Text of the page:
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Bad buzz in Martinborough

Following the discovery of a “frighteningly large” wasp nest in Martinborough, Victoria University entomologist Phil Lester has warned there are likely to be more in the region.

The nest was found last week by an academic on a geology field trip with students at a farm near Te Muna Rd.

Lester said it was situated between the farm and a stream, nestled in a pine shelter belt.

He believed the nest had been there for at least 18 months without being observed and it is likely not the only one.

“I suspect that there are more of those around that people just don’t come across,” he said.

The 1.8 metre long, 1.3m wide and 96cm tall nest was home to between 100,000 and 200,000 Vespula germanica – German Wasps.

“They are big predators,” Lester said.

“A nest that size will eat tens of kilos of invertebrates, many of which are native.”

German wasps are also known to attack honeybee hives, and Lester said they are a “big problem” for a lot of beekeepers.

He explained that the German wasps raid bee hives, kill the worker bees, eat the larvae, and then steal the honey.

The ideal conditions for nests to grow at a larger scale include dry and warm conditions, and most nests start to be formed in springtime.

Warm, dry, and mild winters allow for the hives to keep growing, while wet areas and seasons are likely to kill nests.

“This was the biggest one I’ve ever come across and had to work with,” Lester said.

The nest was dismantled, and the wasps killed, but it wasn’t an easy task as they “became quite angry”.

Vespex wasp bait is the recommended method for kill wasps as it is not at all attractive to bees and is considered to be “very low risk” to birds, pets, and people.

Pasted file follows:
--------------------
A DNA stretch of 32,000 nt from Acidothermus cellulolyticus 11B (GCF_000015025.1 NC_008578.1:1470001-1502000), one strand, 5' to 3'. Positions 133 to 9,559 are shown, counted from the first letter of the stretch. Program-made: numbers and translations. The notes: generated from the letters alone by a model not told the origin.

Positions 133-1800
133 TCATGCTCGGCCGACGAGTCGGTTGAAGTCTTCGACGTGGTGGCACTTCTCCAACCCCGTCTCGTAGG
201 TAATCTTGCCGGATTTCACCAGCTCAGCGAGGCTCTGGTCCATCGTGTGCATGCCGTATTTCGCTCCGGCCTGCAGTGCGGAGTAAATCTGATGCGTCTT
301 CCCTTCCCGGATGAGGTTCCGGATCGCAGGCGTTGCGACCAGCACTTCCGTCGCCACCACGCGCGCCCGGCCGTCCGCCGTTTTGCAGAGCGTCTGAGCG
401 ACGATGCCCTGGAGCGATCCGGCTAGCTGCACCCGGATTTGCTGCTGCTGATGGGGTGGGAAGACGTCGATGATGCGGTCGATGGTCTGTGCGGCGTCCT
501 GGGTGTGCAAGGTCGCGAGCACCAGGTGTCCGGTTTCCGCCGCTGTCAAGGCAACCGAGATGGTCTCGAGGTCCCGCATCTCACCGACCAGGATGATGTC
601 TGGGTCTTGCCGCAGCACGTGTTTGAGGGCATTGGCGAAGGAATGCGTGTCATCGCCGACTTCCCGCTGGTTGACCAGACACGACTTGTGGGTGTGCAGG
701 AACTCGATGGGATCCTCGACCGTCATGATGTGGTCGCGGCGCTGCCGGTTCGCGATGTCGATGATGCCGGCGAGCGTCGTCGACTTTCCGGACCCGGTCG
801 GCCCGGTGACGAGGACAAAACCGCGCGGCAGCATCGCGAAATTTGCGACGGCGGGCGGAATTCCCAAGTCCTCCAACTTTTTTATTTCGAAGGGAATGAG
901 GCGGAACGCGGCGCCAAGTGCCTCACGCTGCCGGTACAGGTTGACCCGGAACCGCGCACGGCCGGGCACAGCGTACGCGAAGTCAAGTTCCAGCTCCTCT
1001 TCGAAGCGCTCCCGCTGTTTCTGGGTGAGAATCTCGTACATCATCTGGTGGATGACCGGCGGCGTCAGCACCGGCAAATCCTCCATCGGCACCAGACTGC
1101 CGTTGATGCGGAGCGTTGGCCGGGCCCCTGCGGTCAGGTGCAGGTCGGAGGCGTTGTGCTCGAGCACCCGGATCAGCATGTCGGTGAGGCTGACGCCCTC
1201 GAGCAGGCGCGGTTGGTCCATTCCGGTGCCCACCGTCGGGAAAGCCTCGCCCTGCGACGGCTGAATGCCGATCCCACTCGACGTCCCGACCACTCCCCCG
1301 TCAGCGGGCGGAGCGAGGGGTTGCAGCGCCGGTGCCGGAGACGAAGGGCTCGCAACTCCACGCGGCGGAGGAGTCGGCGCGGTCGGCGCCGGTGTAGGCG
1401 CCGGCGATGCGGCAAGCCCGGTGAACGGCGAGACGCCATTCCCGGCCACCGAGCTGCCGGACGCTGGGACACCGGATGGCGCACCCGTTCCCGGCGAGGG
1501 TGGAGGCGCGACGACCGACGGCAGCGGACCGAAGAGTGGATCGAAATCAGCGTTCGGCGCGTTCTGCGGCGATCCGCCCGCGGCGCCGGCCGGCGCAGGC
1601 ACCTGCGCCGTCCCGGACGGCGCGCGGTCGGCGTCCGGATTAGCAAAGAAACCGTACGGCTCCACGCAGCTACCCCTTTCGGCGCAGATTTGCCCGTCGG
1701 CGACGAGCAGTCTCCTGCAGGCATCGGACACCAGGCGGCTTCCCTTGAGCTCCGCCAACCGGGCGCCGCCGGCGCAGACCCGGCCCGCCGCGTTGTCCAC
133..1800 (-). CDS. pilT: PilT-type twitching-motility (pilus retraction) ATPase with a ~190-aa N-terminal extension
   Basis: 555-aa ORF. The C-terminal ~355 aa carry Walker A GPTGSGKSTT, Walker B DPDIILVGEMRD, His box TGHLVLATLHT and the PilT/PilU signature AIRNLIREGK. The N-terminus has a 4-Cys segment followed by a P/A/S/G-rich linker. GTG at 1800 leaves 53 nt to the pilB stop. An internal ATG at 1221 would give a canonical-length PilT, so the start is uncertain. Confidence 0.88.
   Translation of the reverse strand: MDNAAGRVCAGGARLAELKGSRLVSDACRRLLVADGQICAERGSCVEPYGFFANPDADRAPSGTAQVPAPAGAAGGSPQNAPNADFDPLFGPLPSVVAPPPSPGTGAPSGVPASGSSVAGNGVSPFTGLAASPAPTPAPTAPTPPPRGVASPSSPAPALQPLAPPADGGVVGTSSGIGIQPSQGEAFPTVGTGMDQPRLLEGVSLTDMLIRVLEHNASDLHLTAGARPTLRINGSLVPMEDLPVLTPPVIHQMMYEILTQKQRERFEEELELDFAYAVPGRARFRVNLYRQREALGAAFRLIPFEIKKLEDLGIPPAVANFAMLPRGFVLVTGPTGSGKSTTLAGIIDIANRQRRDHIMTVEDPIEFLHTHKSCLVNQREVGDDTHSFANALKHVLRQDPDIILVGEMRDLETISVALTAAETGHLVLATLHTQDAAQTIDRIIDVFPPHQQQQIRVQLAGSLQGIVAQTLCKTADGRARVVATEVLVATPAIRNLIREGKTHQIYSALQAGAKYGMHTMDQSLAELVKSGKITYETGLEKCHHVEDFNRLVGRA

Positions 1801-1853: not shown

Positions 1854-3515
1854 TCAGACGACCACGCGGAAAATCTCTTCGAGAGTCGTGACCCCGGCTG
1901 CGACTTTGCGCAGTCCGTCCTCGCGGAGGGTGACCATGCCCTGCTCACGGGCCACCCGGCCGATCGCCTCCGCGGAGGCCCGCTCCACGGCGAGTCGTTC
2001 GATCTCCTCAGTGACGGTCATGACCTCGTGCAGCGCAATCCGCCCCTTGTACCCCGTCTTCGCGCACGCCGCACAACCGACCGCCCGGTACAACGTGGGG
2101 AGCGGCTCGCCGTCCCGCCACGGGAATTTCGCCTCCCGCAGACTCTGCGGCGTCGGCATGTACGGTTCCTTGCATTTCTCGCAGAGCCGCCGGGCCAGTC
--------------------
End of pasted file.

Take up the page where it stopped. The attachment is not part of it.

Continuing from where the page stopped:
“You can put it a reasonable distance from the nest and the wasps will find it and take it back to the nest,” where the bait will be shared around the nest, effectively killing the wasps, Lester said.

He didn’t recommend that people go near nests. Vespex does require registration to use but is also recommended by the Department of Conservation [DoC] for effective control of wasp colonies.

Over the coming months, Lester will be studying the nest, which he described as “really large and very successful”.

“One of the things we’re interested in is why do some nests become so big? Is this likely to happen more often in the future?’”

Lester and his team will be studying population genetics within the nest and whether the presence of multiple queen wasps contributed to the substantial number of worker wasps and the size of the nest.

According to DoC, New Zealand has some of the world’s highest densities of German wasps as there are no natural predators, winters are generally mild, and there is plenty of food for them.

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